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Opera - Released February 28, 2020 | Chandos

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Recorded after the first London performance for over 130 years, Parry’s neglected oratorio here appears for the very first time. Having been commissioned by the Birmingham Festival, Parry decided to combine the Old Testament stories of Manasseh and Judith. A good deal of the libretto was provided by Parry himself, who took other texts from the biblical books of Isaiah, Psalms, and Judith. Having originally conceived the work in four acts, Parry condensed it into two. Judith was premiered by Richter in Birmingham in August 1888, and it consolidated Parry’s reputation as a choral composer, numerous performances following in Edinburgh and in London. Although popular in his lifetime, Judith fell into obscurity after Parry’s death. © Chandos
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Classical - Released November 1, 1997 | Chandos

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Classical - Released January 1, 2003 | Decca (UMO)

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Classical - Released January 1, 1997 | Decca (UMO)

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Classical - Released March 1, 2012 | Nimbus Alliance

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Classical - Released November 4, 2016 | Signum Records

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Classical - Released November 4, 2014 | Naxos

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Chamber Music - Released May 24, 2002 | Cello Classics

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Classical - Released January 1, 1989 | Decca (UMO)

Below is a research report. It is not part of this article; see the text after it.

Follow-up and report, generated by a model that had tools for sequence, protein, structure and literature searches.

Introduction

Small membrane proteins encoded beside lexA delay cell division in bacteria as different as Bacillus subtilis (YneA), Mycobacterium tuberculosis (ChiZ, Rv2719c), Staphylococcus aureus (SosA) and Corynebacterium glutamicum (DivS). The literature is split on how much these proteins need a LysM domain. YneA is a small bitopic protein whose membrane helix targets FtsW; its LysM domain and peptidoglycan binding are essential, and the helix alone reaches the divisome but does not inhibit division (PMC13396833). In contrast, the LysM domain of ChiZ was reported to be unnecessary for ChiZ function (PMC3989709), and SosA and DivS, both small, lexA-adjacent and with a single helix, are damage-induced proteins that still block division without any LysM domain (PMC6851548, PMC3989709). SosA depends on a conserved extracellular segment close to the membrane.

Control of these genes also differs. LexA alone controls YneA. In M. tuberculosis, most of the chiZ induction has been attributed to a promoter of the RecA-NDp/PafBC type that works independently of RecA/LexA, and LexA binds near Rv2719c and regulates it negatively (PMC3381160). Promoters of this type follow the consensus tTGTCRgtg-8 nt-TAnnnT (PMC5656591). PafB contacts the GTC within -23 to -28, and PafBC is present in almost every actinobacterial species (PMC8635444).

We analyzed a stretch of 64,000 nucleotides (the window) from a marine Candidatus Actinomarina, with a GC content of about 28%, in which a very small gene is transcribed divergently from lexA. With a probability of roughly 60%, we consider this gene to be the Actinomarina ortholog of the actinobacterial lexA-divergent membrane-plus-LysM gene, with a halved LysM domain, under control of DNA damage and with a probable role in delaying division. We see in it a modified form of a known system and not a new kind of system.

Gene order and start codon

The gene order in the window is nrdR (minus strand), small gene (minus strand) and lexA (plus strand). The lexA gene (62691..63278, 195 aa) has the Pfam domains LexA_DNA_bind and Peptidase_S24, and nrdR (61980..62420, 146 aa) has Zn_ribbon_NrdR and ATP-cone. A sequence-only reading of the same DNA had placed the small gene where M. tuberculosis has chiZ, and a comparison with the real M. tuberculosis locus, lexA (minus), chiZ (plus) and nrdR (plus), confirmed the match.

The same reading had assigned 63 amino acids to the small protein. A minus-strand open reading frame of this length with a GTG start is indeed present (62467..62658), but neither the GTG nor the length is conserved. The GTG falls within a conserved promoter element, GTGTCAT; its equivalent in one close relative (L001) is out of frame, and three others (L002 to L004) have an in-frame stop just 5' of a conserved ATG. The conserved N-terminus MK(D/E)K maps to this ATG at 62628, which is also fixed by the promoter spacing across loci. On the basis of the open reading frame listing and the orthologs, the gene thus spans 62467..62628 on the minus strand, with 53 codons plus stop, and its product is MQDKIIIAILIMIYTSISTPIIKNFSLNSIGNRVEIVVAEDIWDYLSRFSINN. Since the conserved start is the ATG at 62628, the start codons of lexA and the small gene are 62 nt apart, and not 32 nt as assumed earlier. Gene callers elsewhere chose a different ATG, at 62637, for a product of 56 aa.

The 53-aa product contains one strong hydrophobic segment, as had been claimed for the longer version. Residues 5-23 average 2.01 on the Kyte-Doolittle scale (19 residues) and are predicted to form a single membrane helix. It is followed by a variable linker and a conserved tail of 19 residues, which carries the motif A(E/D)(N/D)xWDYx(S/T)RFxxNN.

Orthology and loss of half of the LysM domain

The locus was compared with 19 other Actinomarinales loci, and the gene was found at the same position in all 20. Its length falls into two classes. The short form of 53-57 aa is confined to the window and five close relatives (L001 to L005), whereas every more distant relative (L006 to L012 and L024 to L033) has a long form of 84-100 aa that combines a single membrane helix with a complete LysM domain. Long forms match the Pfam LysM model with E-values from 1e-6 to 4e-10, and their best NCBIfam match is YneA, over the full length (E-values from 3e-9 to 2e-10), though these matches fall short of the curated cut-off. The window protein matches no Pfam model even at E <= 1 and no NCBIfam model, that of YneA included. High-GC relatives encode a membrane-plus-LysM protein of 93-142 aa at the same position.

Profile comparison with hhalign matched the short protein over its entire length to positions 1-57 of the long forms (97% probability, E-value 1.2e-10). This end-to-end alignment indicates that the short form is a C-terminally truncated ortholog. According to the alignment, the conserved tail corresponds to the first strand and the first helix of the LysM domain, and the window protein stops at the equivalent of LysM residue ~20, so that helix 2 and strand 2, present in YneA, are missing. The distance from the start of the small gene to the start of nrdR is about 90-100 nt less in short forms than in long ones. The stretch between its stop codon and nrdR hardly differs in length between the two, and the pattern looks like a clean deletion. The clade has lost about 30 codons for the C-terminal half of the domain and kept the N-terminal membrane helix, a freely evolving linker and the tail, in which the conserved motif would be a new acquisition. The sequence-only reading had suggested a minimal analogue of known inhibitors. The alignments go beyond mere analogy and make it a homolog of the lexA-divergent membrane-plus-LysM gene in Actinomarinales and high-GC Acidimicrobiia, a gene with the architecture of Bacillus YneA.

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Classical - Released November 1, 2009 | Past Classics

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Classical - Released January 1, 1990 | Decca (UMO)

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Classical - Released January 1, 2000 | Maestoso

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Classical - Released November 4, 2008 | Avie Records

Booklet
The subtitle of this album is "New Works for Remembrance," and its four selections by British composers are united by their use of texts that deal, either explicitly or implicitly, with the personal ravages of war. They were performed by the Portsmouth Grammar School Chamber Choir at the school's annual Remembrance Day concerts. Cecilia McDowall's Ave Maris Stella would be lovely except that it is difficult to take seriously because its opening and closing sections are a brazenly transparent rip-off of Morten Lauridsen's O Magnum Mysterium. Lynne Plowman's Cries Like Silence, for four soloists, choir, orchestra, organ, children's choir, brass band, electric guitars, and bass drums, sets a grim anti-war poem by Ted Hughes. Her musical language is reminiscent of Britten, and she brings a strong sense of drama to the text. Tarik O'Regan's And There Was a Great Calm uses texts by a variety of writers, including Rumi, Milton, Wordsworth, and Hardy. Its prevailing tone of resigned acceptance and serenity is punctuated with explosive affirmations of hope. The Lion and the Deer, by Sally Beamish, uses five poems by fourteenth century poet Hafiz, with spoken interjections of poetry written by students at the Portsmouth Grammar School. The choir sings with discipline, passion, and focus and is ably accompanied by the London Mozart Players, led by Nicolae Moldoveanu. © TiVo
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Symphonic Music - Released January 1, 1958 | BnF Collection

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Classical - Released November 1, 2009 | Past Classics

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Classical - Released January 1, 2000 | Maestoso

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Classical - Released January 1, 2000 | Naxos Classical Archives